Short Film Review: Pendulum

There seems to be one constant in this life, that all things eventually come to an end. We spend most of the time focused on the circle of life, but we are beginning to realize that the world itself might end sooner than we ever dreamed. Its because of this that several films about the world’s extinction are beginning to make their appearance. Filmmakers are wanting to explore what it really means to live in a time where there is a definitive end.

In Lauren Cooney’s new film Pendulum, that concept is split between an existence of excess and one in which you find peace in just living. In the film, Cerys (Cooney) lives the former way of life, diving into a world of gluttony and deviants. She grew up in a time where her time on Earth was limited, so the point of life seemed pointless. This is in immediate contrast to the way her best friend Gwylim (Scott Michael Wagstaff) chooses to live his life; calmly within his allotted time. Yet, when the end begins to finally take shape, Cerys wants to escape with Gwylim into a world of acceptance instead of fear.

It’s a beautifully shot film, and Cooney (who is also the writer) touches on several contradictory elements that compliment each other in this confusing time. Throughout the short we explore all the emotions one would experience in the situation of annhilation, and are with the characters as they experience revelations in the end. However, the film only touches on these elements, leaving the audience lacking.

Images provided by Pendulum Films

Images provided by Pendulum Films

I wanted more from this movie. I am intrigued by this world and the situations Cooney creates, but I feel I’ve only experienced the surface of what could be available. I would love to see this film as a feature. I believe there are so many elements that can be explored, and I am intrigued to see Cooney’s thoughts about each one of them.

The concept is brilliant, the idea that there could be a generation of people born knowing that the world will come to an end during their lifetime. It’s not only a lot of pressure to live with, but it’s also a lot of pointlessness that goes into everything you do. This plays out with the attitudes of Cerys and Gwylim. There is even an element of this conflict in their choice for pilgrimage for peace.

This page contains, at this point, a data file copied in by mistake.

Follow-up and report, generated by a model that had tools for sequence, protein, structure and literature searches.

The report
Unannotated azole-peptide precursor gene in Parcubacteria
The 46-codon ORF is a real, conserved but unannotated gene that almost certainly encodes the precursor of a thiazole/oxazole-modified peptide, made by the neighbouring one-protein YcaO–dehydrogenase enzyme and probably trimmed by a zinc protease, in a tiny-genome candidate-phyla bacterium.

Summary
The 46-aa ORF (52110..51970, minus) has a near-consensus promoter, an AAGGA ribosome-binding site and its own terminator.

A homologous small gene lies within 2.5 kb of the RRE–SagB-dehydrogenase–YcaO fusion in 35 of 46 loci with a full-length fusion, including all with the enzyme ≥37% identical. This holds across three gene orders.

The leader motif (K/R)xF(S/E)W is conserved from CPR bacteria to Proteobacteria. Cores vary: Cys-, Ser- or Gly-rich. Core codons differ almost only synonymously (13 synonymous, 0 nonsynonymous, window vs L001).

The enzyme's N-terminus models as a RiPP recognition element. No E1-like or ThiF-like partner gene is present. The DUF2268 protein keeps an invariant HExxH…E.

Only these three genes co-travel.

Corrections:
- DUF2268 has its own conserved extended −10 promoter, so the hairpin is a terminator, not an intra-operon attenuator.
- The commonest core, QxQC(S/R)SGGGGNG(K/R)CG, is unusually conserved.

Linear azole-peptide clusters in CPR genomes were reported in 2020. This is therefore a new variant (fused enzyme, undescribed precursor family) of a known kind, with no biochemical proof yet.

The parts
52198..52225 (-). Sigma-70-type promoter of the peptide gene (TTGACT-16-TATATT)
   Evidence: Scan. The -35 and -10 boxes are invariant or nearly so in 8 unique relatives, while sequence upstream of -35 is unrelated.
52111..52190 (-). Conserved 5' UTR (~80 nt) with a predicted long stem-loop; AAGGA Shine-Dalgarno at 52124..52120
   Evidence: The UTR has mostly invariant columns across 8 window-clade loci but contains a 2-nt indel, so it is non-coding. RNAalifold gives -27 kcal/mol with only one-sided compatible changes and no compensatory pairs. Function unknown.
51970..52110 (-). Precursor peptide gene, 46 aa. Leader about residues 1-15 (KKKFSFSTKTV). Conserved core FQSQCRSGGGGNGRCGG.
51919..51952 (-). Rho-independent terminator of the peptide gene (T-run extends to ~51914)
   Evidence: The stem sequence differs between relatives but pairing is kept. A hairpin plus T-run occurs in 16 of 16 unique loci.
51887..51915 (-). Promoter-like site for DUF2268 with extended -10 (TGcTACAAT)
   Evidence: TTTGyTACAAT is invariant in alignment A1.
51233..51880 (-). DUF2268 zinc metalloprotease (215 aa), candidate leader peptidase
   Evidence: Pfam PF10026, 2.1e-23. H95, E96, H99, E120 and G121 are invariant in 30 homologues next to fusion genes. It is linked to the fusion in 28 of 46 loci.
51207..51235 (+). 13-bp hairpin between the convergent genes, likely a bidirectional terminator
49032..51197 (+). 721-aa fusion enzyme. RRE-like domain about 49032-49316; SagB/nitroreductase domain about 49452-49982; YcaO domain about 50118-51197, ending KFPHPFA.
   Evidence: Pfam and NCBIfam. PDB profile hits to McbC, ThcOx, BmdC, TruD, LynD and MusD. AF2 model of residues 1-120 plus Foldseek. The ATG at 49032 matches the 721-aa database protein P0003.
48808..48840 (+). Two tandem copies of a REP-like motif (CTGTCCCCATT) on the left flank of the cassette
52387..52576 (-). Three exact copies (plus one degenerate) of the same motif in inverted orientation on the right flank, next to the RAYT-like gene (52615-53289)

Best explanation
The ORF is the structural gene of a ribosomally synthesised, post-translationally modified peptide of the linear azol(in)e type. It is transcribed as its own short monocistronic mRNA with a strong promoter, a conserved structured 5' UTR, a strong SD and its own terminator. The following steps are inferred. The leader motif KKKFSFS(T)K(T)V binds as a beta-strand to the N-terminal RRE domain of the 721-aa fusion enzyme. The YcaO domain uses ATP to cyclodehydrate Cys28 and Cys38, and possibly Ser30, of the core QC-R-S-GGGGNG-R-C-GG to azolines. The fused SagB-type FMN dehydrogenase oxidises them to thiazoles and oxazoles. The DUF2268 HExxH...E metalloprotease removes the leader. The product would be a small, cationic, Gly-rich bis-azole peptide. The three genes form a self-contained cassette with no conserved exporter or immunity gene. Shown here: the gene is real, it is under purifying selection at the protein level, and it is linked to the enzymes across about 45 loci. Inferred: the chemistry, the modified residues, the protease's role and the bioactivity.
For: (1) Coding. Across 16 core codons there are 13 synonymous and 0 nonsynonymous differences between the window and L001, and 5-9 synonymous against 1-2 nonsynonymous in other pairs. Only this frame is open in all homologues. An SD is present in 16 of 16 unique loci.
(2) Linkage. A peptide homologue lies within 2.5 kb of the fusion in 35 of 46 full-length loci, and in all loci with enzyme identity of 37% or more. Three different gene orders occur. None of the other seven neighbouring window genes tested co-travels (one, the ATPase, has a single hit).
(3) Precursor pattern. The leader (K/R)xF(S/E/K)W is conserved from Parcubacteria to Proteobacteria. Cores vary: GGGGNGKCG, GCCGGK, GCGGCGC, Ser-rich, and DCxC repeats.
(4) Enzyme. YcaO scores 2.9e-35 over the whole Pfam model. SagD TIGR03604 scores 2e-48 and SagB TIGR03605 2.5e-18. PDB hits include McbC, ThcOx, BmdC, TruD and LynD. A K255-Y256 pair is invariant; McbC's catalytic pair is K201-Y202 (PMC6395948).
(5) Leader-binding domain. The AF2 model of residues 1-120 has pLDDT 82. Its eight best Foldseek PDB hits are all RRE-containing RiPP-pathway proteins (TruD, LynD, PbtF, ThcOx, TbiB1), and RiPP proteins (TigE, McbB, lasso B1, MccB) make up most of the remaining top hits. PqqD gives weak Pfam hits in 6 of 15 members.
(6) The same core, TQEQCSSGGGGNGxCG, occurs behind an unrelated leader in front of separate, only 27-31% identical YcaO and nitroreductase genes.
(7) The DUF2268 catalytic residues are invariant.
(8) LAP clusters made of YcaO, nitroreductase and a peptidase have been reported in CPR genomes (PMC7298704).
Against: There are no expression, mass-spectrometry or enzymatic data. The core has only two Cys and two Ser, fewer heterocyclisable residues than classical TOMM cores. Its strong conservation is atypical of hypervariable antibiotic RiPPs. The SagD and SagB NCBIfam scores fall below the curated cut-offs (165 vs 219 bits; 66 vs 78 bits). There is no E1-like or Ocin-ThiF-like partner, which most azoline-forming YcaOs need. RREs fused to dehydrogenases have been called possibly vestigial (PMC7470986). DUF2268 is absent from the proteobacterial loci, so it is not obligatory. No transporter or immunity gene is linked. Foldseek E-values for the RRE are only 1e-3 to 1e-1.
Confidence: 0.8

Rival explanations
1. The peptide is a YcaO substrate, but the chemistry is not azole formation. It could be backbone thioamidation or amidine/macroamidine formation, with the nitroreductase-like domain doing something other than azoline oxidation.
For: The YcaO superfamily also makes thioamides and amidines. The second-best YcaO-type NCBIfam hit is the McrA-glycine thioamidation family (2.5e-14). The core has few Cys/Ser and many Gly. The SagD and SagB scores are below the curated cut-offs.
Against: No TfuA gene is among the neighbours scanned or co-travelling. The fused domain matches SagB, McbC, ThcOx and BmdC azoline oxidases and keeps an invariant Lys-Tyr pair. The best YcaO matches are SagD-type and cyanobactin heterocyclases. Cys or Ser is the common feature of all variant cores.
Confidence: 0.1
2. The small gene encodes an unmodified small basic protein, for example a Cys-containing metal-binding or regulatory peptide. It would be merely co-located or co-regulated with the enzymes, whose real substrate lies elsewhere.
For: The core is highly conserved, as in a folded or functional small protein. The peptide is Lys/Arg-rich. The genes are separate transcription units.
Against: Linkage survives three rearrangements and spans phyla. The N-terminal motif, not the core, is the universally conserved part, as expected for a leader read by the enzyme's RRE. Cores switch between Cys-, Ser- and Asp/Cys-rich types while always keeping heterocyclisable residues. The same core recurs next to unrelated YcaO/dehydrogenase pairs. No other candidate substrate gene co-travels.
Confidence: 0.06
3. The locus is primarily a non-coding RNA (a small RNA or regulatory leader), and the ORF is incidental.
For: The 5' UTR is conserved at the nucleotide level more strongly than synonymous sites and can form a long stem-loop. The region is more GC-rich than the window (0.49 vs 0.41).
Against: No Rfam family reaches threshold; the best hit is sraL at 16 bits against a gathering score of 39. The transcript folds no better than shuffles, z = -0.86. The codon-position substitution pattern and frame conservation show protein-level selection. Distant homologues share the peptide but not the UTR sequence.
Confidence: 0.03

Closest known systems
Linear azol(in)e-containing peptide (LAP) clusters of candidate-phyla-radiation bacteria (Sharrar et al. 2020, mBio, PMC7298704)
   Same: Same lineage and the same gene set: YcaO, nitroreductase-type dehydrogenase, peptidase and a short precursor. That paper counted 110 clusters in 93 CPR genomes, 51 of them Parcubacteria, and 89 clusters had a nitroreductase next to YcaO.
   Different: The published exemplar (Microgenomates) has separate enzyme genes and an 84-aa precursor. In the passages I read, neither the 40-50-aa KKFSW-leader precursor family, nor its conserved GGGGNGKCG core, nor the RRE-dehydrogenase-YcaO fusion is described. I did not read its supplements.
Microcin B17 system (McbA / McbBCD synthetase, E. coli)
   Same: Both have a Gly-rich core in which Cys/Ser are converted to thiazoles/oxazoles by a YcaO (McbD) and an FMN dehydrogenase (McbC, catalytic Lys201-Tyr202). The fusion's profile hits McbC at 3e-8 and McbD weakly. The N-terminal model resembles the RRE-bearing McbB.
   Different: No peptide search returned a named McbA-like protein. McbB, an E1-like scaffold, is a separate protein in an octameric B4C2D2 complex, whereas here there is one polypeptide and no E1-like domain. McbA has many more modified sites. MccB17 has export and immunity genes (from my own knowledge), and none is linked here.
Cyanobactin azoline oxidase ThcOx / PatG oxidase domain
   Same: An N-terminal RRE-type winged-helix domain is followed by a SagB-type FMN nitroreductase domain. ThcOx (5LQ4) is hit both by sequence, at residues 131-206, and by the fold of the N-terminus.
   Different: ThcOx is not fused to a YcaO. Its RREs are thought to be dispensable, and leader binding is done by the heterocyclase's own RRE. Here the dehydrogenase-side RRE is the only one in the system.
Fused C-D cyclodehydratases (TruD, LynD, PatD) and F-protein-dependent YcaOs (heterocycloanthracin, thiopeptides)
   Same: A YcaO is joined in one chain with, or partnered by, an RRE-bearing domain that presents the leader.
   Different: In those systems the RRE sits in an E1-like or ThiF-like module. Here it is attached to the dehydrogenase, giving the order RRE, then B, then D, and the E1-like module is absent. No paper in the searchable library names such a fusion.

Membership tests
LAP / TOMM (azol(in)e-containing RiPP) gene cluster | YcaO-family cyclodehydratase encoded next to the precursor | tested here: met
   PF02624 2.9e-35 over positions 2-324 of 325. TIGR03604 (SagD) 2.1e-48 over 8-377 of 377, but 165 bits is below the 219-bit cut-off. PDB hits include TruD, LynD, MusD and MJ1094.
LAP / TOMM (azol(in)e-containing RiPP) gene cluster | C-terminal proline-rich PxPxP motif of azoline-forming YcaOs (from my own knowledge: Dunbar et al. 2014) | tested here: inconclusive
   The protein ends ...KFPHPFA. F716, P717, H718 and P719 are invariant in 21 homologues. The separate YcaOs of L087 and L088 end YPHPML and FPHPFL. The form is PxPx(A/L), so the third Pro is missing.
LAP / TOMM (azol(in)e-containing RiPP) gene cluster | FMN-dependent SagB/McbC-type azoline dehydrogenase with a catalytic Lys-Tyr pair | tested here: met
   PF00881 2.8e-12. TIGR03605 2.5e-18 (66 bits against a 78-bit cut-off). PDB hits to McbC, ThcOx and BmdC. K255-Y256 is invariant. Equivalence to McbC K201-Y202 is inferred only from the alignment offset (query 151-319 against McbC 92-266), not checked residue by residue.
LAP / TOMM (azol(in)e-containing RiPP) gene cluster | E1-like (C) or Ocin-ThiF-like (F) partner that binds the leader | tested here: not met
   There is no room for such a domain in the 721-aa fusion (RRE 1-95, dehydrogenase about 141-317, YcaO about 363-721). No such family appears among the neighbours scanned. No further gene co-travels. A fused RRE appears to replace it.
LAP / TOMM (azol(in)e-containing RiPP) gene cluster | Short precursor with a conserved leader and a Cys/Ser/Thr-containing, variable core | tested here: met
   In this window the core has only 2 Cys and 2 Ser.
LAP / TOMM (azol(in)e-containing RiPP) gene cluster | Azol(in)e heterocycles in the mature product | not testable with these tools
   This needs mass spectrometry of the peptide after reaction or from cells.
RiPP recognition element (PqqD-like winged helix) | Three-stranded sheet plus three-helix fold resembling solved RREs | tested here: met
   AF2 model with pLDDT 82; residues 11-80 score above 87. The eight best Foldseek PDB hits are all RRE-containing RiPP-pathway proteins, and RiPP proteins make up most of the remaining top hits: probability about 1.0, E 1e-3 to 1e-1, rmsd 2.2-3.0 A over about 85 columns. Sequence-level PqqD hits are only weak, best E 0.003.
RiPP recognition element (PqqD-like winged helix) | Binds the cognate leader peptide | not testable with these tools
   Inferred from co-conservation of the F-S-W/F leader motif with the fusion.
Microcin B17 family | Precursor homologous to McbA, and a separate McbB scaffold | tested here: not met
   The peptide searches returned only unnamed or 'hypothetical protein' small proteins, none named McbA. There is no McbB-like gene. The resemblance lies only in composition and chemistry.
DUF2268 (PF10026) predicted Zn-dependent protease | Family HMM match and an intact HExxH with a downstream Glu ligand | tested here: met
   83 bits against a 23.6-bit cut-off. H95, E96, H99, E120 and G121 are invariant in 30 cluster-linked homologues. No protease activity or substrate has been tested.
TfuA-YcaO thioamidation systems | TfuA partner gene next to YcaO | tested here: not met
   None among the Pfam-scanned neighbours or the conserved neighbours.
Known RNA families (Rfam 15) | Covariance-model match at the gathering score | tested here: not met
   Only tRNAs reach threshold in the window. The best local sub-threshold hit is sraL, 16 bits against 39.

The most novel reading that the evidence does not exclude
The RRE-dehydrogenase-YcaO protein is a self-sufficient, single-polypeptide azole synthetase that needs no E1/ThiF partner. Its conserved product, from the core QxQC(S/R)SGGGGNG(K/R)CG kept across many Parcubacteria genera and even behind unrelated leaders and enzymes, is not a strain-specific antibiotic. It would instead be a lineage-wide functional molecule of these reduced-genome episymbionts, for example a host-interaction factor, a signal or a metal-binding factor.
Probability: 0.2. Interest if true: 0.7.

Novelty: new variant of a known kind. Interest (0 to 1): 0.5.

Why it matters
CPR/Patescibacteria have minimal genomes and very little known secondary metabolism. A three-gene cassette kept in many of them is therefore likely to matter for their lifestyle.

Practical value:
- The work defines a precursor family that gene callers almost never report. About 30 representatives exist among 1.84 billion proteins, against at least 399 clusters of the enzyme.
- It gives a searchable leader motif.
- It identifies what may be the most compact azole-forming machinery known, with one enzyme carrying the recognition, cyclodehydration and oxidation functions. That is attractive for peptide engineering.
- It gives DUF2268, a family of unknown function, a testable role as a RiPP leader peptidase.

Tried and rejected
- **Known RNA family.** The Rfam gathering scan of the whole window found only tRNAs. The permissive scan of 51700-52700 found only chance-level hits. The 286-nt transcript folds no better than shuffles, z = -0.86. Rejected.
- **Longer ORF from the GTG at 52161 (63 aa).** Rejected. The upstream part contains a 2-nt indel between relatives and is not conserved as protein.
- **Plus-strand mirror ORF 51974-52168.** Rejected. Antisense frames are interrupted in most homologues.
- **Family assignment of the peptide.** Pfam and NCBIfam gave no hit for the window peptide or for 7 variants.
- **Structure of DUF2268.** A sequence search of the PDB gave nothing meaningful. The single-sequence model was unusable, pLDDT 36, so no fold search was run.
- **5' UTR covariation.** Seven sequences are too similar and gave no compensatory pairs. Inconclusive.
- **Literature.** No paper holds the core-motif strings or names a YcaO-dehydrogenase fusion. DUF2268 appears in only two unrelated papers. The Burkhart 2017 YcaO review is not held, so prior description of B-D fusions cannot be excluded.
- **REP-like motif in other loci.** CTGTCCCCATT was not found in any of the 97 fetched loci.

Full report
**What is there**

The idea sparks in Cerys when she sees a report on the news about how other countries are embracing the end of live with love and excitement. There’s something about this view of death that strikes a cord with Cerys, which why she and Gwylim makes the trip. Yet the place they end up isn’t what we witnessed on the news, and I’m intrigued as to why they didn’t end up where we thought they were going to. I want to dive into the minds of these two different perspectives to find out what changed during their search for peace. The shift that happens in Pendulum is quick and I feel as if I’m trying to catch up with the world on film.

Images provided by Pendulum Films

Images provided by Pendulum Films

Others may find this contrite, but there is a whole realm of existence that can be examined in the concept of life versus death. Sure, it’s a concept that has been done before, but each exploration through a filmmaker’s eyes is unique. We all experience life differently, even if the major points are the same. It’s this fresh telling through different filmmakers that we can dive a bit deeper into ourselves. We need someone else’s perspective to awaken thoughts we didn’t even know we had. I believe Pendulum has the opportunity to do that with a feature length version of this story.

The character of Derryk (Tom Sawyer) begs for expansion as well. The complexity we see within this character in the little time he’s on screen is inspiration for a writer. With little dialogue and snippets of personality, Cooney was able to develop a well rounded intriguing character. There is definitely an interesting connect between him and Cerys, but as it stands now I feel the audience is missing out on that relationship. You aren’t sure where Derryk stands on the line of protagonist or antagonist, but I am willing to find out.

What Cooney was able to do with her short film Pendulum is beautiful. She sets up this world of intense questions and the audience is willing to take the journey with her and her characters. The problem is, the film isn’t long enough and the story doesn’t develop fully in the way it’s presented. I want to explore this world, and I hope in the future Cooney turns this into a feature. 


Written by Lisa M Mejia
Images provided by Pendulum Films